At Wilmington Oral Surgery, we have used 3D cone-beam computer tomography (CT) since the early 2000s. This technology is extremely useful in certain dental evaluations, diagnoses, and treatment planning, because it gives us 3D images of patients’ teeth, soft tissues, nerve pathways and bones–all in a one scan.
When it is Used
We use Cone-Beam CT for a wide variety of situations, but especially with patients who have:
- impacted teeth
- temporomandibular joint disorder (TMJ)
- missing teeth that require implants
- jaw, sinuses, nerve canal and nasal cavity concerns
What it’s Like
Cone-beam CT is different than conventional CT you may have seen in outpatient clinics or hospitals–the machines are smaller and expose patients to less radiation. But it produces similar images. During a scan, a focused X-ray beam in the shape of a cone is moved 360 degrees around your head to make lots of images, also called views.
No special preparation is required. We may ask you to remove your jewelry, eyeglasses, hairpins, hearing aids and removable dental work. Bring removable dental work with you to your appointment; we may need to examine it as well.
If there is any possibility you may be pregnant, please let us know so we can take extra safety precautions.
The scan is quick ( approximately ten seconds), noninvasive and painless, and there are no immediate side effects. No radiation remains in your body.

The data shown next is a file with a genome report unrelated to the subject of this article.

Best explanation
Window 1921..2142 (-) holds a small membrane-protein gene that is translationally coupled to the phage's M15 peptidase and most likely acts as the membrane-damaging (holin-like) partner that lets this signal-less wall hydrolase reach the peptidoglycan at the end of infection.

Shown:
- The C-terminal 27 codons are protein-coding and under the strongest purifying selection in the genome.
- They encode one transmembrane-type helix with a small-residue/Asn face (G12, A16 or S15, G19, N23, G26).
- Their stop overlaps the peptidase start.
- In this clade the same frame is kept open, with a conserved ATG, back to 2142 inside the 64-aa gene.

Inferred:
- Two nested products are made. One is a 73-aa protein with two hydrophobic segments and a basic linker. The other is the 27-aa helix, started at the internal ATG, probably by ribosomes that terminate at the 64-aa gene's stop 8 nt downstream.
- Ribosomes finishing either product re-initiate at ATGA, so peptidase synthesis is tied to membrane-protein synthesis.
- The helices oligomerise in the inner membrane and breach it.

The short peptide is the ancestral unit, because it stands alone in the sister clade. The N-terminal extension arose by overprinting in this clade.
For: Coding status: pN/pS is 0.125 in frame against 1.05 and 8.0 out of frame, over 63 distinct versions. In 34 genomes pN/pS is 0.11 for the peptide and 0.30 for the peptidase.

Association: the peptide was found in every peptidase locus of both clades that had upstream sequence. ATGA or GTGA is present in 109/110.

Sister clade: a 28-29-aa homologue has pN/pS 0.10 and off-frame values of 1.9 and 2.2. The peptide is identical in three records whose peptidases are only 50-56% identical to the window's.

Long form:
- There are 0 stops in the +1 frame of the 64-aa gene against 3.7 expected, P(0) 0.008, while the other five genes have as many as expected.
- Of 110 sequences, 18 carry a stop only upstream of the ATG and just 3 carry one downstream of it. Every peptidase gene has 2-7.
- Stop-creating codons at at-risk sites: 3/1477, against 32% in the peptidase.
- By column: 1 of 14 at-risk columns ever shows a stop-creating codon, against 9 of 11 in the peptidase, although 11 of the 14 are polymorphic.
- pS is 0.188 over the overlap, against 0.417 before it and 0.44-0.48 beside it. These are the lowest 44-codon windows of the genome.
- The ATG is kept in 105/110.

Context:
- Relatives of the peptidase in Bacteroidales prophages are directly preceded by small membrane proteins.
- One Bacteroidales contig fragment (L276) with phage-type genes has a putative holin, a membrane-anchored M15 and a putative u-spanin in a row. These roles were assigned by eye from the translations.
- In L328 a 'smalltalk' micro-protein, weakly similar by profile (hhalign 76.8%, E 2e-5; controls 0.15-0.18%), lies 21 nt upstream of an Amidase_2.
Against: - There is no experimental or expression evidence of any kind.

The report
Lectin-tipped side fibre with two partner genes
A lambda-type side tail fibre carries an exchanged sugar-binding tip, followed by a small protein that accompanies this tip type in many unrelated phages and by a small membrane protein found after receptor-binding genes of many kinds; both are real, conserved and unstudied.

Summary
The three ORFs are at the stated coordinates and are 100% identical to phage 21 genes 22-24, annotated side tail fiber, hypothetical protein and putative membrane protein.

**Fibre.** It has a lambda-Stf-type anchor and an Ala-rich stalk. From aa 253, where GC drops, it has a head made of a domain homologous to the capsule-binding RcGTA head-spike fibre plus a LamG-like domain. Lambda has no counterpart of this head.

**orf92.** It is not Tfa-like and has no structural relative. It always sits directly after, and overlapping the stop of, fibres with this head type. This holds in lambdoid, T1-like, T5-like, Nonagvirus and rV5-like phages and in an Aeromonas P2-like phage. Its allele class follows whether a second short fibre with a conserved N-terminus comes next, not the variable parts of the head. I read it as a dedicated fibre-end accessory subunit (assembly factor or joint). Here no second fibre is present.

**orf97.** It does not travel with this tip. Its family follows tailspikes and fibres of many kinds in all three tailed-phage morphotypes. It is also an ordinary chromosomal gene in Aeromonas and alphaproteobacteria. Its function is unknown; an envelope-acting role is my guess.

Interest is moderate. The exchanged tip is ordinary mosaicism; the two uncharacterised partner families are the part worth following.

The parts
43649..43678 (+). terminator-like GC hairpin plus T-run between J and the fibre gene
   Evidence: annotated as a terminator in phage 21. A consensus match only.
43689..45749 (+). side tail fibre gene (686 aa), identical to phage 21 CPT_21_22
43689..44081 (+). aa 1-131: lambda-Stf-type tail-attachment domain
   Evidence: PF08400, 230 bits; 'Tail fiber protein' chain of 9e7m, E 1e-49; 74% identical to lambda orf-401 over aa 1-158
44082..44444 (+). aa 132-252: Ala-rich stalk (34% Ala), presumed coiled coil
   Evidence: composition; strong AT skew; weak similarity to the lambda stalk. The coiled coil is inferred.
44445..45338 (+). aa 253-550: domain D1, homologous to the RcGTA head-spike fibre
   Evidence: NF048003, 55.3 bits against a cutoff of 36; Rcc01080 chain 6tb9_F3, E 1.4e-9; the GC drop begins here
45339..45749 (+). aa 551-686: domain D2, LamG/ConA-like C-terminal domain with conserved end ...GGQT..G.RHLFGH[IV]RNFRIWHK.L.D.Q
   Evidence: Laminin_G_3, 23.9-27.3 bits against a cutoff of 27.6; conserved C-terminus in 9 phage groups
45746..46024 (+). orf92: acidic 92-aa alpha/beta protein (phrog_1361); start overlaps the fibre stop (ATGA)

Dental cone-beam CT uses scatter radiation to provide clearer images than X-rays, allowing for more precise treatment planning. Views and angles can be manipulated for an accurate evaluation. Using CT with current software, we can plan complicated implant cases which previously were not possible.
Risks and Your Safety
CT uses radiation, and there is always a slight chance of cancer from excessive exposure to radiation. However, after studying the technology extensively before purchasing our equipment, and using it for almost two decades, we believe the benefits of a complete diagnosis far outweigh the risks.
(Dental CT delivers more radiation than an X-ray, so we use it sparingly. We suggest a CT scan only when we have questions that can’t be answered any other way. ) – Eliminate this short paragraph !
Children are more sensitive to radiation than adults, so we recommend CT for our young patients only when it is absolutely essential, and avoid repeating scans whenever possible.
The Food and Drug Administration regulates the manufacturer of dental cone-beam scans. For your safety, we follow their recommendations–along with those of the American Dental Association, American Academy of Oral and Maxillofacial Radiology, and American Academy of Pediatric Dentistry–in the use and upkeep of all our imaging equipment.
Before We Use CT
Before recommending CT, we always:
- Consider alternatives that use less or no radiation first
- Review your medical imaging history to prevent duplication
- Discuss the rationale for the scan to make sure you have a clear understanding of its risks and benefits
- Use exposure settings that provide the lowest radiation dose for the image quality needed
- Use size-based protocols for children to reduce radiation exposure
It is understandable that you may have questions and concerns about CT. We will gladly discuss them at any time before, during or after your treatment; just give us a call.